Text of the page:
Deepavali or Diwali is the dazzling festival of lights. ‘Deep’ means ‘light’ and ‘avali’ means ‘a row’. Hence Deepavali means row of lights. It is the biggest festival celebrated by Hindus across the world and especially in India. The reason why Diwali is celebrated is mentioned in the great Hindu epic of Ramayana.
Long time ago there lived a prince named Ram who was exiled from his kingdom Ayodhya for fourteen long years. Ram set out to live in a jungle and was joined by brother Lakshman and wife Sita in this banishment. They built a hut and were living peacefully in the jungle. One day a Sita saw a beautiful golden deer. She insisted on having the deer brought back into the hut. Ram went away to get it and put Lakshman in-charge to guard Sita. When Ram did not return after a long time, Sita ordered Lakshman to go look out for him. Worried about her safety, Lakshman drew ‘lakhshman rekha’ – a protective magical line outside the hut and requested Sita not to overstep it.
As soon as Lakshman left, a Brahmin came to the hut asking for some food. Unaware of any danger, Sita crossed over the line to hand out some food to the Brahmin. The Brahmin was none other than Ravan, the king of Lanka. He kidnapped Sita and brought her to Lanka against her wishes.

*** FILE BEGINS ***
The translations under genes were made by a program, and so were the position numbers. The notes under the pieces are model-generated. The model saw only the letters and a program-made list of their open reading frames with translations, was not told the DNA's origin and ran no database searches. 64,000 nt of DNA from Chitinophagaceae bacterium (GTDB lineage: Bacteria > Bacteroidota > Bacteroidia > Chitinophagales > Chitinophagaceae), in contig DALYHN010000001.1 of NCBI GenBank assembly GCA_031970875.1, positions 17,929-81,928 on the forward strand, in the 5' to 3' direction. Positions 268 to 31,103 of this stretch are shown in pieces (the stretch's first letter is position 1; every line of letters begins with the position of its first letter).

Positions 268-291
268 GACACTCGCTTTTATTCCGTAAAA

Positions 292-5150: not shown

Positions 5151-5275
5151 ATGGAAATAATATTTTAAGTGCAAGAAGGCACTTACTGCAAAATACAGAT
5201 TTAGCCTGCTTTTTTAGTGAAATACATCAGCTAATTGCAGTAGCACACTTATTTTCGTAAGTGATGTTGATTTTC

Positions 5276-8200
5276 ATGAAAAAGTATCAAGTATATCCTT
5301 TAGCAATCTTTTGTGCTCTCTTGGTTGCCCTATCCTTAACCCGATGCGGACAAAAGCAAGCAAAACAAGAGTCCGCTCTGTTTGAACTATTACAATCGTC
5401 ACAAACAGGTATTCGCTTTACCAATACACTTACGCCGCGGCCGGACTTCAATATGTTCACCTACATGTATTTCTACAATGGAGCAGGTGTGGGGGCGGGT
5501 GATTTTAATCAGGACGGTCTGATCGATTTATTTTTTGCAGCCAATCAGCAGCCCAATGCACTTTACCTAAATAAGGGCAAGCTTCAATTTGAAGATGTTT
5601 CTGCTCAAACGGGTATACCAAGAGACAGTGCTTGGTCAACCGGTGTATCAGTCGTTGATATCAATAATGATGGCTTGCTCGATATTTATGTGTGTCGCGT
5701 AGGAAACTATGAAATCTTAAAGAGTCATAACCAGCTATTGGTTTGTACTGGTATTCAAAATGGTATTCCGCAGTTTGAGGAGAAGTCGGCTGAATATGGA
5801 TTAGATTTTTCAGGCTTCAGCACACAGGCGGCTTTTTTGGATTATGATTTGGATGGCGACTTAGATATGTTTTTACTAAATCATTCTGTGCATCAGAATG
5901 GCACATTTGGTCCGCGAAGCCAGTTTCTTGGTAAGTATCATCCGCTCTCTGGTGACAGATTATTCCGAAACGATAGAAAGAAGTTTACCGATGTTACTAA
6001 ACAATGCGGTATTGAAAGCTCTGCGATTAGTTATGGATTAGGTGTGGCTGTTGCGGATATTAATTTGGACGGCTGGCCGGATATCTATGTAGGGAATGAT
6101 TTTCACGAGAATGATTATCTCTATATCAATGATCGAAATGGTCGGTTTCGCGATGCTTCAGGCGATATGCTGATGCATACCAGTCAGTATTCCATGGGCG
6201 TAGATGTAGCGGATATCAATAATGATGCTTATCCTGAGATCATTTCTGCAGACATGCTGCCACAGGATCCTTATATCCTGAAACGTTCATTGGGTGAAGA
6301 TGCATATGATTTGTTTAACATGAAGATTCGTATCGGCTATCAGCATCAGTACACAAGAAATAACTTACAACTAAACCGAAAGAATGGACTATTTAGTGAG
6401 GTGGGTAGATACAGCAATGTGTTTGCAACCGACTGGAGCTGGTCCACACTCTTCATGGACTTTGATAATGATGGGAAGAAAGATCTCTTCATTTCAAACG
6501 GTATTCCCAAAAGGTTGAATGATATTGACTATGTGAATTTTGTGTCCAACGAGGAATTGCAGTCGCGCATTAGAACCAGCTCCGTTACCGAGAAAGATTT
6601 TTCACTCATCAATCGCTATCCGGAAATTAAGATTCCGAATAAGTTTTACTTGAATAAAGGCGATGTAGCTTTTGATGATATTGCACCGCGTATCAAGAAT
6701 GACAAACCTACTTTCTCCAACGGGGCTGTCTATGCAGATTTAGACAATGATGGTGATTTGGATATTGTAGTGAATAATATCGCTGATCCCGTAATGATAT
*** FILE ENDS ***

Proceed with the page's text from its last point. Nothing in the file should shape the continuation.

Ram and Lakshman were outraged when they found Sita missing and set out to bring her back. On the way, they met several people including Hanuman and his monkey-faced tribe. They became his army and marched with him to Lanka.
A battle ensued between Ram and Ravan. The war went on for several days and ended when Ram killed Ravan. Sita was finally reunited with her husband, and they returned to Ayodhya.
The overjoyed people of Ayodhya celebrated the return of their prince Ram by illuminating their homes with lights of earthen oil lamps. Today, people celebrate the day by putting up fancy lighting in their homes, oil lamps and by bursting firecrackers.
How did you celebrate your Diwali?